SALT LAKE CITY — A commercial for this year’s World Cup features madly bouncing USA fans shouting, “I BELIEVE THAT WE WILL WIN!” The chant was labeled the coolest in the country in an ESPN.com blog by Eamonn Brennan in 2011.
“It's everything a basketball chant should be: Organized, direct, supportive, intimidating and not the least bit hokey,” he wrote. “It's not cocky, either; when I hear ‘believe,’ I hear less expectation than faith.”
Apparently the chant works for soccer, too.
Brennan noted something else that’s hard to dispute: Nobody does it better than Utah State. That’s where I first heard the chant. It resonated with good-natured passion and made driving to Logan on a subzero winter night worthwhile.
Now everyone wants that feeling — the optimism, if not the weather. And almost everyone uses the chant.
But there was another thing that made the trip to Logan great: “Wild Bill” Sproat. With his messy dark hair, week-old beard and beach ball belly, he could elicit an involuntary laugh from almost anyone. That was due to the getups: Tigger the Tiger, a Chippendales dancer, Nacho Libre, the Teapot from “Beauty and the Beast,” Aladdin, Peter Pan, the Little Mermaid, Winnie the Pooh, Batman.
At one point he had more than 100 costume ideas.
He was featured by ESPN.com, Sports Illustrated and other national publications. Why?
Nobody did the “believe” chant better than USU, and no one inspired like Wild Bill.
The publicity hit its zenith in 2010-11, Sproat’s last full season as college sports’ best fan.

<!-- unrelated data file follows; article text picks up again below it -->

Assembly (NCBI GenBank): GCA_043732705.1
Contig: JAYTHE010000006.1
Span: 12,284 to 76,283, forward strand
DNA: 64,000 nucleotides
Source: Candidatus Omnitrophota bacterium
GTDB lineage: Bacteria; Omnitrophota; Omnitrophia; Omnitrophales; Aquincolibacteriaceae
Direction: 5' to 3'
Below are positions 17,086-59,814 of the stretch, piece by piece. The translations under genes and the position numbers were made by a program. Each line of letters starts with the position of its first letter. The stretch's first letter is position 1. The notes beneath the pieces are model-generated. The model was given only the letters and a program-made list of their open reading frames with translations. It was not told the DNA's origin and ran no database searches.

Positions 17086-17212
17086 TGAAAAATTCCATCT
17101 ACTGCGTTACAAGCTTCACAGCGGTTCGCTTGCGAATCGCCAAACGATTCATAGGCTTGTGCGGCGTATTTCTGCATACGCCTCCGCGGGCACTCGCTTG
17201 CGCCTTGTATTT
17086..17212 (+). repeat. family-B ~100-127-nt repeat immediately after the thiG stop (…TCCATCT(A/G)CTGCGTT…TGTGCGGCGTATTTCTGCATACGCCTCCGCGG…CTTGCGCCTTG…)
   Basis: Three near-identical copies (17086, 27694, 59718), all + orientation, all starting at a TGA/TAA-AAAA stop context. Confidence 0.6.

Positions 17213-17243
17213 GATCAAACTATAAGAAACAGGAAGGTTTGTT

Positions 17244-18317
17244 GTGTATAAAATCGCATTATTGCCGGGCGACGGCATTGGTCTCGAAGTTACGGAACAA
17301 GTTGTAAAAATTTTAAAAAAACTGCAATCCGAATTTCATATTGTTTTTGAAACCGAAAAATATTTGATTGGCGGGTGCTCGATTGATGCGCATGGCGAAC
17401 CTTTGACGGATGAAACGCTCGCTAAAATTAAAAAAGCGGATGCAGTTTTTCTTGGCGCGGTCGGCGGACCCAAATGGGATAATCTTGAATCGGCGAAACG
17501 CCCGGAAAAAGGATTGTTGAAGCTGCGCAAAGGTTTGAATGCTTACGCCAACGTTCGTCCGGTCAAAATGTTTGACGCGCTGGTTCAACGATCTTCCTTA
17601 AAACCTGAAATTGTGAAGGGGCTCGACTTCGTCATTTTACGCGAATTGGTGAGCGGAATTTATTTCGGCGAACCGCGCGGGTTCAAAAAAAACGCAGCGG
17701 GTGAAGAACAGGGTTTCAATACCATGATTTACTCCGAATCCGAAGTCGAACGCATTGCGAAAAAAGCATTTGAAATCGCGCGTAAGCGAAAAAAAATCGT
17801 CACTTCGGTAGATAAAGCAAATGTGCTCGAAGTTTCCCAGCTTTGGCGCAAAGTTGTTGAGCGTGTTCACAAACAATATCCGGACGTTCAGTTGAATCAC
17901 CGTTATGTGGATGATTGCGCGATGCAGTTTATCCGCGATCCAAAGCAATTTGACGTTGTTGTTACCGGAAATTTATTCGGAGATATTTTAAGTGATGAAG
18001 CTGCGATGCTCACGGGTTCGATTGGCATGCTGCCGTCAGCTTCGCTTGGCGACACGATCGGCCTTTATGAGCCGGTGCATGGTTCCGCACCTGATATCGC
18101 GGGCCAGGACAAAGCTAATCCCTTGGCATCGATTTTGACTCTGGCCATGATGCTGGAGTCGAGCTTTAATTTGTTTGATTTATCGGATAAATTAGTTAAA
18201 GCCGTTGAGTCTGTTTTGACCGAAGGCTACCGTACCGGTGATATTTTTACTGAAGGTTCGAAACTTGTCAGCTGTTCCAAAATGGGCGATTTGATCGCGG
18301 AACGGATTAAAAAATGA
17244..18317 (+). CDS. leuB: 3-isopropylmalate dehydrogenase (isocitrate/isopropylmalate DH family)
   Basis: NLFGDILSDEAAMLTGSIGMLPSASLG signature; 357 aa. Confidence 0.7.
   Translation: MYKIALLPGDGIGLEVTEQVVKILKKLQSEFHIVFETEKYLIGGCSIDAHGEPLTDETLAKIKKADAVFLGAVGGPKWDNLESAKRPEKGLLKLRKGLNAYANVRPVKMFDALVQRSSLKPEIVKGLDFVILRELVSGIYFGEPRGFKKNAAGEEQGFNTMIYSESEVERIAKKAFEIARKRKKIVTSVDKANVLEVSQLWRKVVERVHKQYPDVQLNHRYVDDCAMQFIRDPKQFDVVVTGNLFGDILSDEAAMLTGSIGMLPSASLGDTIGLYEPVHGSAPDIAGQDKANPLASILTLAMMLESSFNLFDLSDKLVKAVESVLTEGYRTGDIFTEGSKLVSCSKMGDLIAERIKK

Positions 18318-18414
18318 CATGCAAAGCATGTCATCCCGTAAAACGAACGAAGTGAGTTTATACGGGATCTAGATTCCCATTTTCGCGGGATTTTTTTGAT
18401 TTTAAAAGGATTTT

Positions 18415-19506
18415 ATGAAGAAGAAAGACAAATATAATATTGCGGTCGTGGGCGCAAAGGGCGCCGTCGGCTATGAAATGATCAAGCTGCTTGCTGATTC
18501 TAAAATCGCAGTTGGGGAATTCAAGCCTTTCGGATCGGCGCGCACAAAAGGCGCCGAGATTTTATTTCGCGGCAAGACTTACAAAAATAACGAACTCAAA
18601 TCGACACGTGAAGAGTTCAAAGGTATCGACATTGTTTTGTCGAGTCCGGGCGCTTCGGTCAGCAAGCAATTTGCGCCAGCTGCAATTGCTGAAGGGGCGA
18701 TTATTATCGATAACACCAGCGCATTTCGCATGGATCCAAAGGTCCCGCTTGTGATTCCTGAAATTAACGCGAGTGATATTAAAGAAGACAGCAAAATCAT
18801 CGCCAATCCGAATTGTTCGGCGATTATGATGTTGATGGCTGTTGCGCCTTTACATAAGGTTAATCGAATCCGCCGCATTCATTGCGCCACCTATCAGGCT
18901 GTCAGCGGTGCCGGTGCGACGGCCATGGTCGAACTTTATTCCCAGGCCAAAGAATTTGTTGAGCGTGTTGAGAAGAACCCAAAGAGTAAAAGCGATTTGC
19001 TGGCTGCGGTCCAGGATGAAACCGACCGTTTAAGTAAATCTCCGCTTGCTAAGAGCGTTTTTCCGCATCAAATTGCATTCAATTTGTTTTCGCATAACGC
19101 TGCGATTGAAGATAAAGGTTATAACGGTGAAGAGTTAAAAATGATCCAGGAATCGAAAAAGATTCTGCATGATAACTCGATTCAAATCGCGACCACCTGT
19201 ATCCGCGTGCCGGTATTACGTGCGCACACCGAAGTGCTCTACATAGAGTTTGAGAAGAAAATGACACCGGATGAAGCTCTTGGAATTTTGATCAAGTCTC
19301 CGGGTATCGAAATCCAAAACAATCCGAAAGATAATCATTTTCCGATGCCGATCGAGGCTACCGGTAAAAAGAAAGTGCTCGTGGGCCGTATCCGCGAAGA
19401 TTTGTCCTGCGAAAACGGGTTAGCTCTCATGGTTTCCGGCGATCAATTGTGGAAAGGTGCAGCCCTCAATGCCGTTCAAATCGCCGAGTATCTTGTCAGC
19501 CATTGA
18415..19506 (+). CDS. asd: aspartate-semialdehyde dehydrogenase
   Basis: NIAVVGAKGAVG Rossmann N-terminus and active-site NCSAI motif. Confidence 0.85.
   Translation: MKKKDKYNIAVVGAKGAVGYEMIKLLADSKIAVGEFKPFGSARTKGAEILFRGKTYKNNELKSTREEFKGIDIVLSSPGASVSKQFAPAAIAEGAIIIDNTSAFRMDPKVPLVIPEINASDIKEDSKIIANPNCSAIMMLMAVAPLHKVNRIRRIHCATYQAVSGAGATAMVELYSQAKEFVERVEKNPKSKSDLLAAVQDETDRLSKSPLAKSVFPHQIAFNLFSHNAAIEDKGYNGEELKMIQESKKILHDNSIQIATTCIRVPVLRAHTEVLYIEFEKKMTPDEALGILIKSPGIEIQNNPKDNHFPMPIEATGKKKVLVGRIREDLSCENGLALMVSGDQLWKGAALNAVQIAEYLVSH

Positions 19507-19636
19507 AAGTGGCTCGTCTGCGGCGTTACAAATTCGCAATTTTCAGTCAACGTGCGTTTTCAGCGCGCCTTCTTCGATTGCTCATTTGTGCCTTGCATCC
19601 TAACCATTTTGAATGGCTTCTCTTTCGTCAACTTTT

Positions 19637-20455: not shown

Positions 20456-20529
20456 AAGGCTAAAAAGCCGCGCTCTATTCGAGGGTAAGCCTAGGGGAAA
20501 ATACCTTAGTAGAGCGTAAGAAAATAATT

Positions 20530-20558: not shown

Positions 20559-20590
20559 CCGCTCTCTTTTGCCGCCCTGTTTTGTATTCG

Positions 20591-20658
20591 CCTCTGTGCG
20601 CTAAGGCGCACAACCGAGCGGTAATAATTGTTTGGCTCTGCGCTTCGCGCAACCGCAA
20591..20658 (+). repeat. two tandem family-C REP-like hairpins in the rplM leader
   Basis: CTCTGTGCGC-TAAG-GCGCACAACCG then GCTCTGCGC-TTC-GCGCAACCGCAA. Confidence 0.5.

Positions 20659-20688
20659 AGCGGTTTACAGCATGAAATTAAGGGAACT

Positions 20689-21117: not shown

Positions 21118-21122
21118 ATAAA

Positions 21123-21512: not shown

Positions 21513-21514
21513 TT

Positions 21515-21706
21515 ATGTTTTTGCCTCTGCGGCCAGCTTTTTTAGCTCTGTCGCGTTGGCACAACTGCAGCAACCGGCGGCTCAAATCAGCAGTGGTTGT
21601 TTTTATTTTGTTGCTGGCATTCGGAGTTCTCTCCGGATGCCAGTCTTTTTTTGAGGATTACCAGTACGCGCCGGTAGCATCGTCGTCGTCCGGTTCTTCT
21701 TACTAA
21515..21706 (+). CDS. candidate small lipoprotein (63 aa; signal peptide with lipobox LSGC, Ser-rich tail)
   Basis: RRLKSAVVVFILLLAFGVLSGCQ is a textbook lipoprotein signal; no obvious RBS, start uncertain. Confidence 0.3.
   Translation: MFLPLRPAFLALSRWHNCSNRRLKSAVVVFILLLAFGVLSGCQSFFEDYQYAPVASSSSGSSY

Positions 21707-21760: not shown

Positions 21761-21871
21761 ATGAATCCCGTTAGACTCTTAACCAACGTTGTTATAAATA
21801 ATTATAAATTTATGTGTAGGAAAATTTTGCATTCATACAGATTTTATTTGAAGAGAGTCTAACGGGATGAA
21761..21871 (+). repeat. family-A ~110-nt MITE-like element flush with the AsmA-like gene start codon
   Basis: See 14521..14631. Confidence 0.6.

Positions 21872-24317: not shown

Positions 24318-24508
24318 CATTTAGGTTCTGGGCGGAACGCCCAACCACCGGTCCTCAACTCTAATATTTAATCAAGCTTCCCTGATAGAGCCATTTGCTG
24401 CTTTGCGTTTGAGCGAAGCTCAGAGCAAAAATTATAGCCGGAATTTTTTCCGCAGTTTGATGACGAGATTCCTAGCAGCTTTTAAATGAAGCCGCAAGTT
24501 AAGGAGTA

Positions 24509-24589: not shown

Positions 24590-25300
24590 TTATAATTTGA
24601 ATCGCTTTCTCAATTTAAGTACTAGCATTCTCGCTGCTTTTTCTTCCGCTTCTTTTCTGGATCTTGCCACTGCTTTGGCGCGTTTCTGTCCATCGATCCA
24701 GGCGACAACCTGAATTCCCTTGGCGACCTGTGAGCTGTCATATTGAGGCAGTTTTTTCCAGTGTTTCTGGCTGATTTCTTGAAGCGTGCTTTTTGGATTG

“My thing is always going to be that there’s somebody better than you are at something — unless you’re Michal Jordan,” Sproat said on Monday. “In my opinion, nobody has done it better than Michael Jordan in his prime, and nobody ever beat him. And honestly, USU three years ago was Michael Jordan. I don’t think anybody could beat that.”
Yet in the summer of 2010, Sproat found himself in danger. Sluggish and heavy, he required 10 minutes to walk 30 feet down his driveway. Some of it was due to lifestyle, but he had also contracted a virus that enlarged his heart. Lacking insurance, he refused to visit the doctor until he was coughing blood. He was immediately transferred to a hospital, where he saw the grim numbers. His ejection fraction, which measures how well the heart is pumping, was below 10 percent.
He watched the 2010 World Cup from his hospital room.
Sproat returned to the front row of Aggie games later that year. But even with proper medical care, problems continued. In one episode his heart stopped for seven minutes. After that, he made a few single-game appearances, but his every-night work was finished.
“I made people laugh; that’s what I was going for,” he says.
As for the chant that Sproat helped promulgate, he says the Aggies didn’t invent it. Some say Navy midshipmen created it for a 2003 football game against Air Force, but as Sproat points out, “We made it famous. We were the ones who did it on a national scale.”
Now employed at a residential treatment center that works with emotionally and behaviorally challenged youth, Sproat says he watched the USA-Ghana World Cup match on Monday during breaks.
Though he says he was never a big basketball fan, “I do love soccer. It’s a great sport.”
Is there a chance Wild Bill will one day return? Unlikely. For one thing, it was his girth that provided comic appeal.
“I think I’m done,” he says. “I’ve pulled a Brett Favre or Michael Jordan twice, and came back after retirement. It was fun while it lasted, but I’m done with that and I’ll enjoy just going to the games.”
He’ll still get stopped for autographs, even without his costumes.10 comments on this story
“It’s hard not to be recognized and loved when you’re this good-looking,” he says.
Though last winter he regained some of the 70 pounds he lost, Sproat says he is eating fish, fresh fruits and vegetables, and visiting the gym daily. Yes, he still has to monitor his health, every day. But life is good, even without the grass skirt and coconut bra.
In other words, he believes that he will win.
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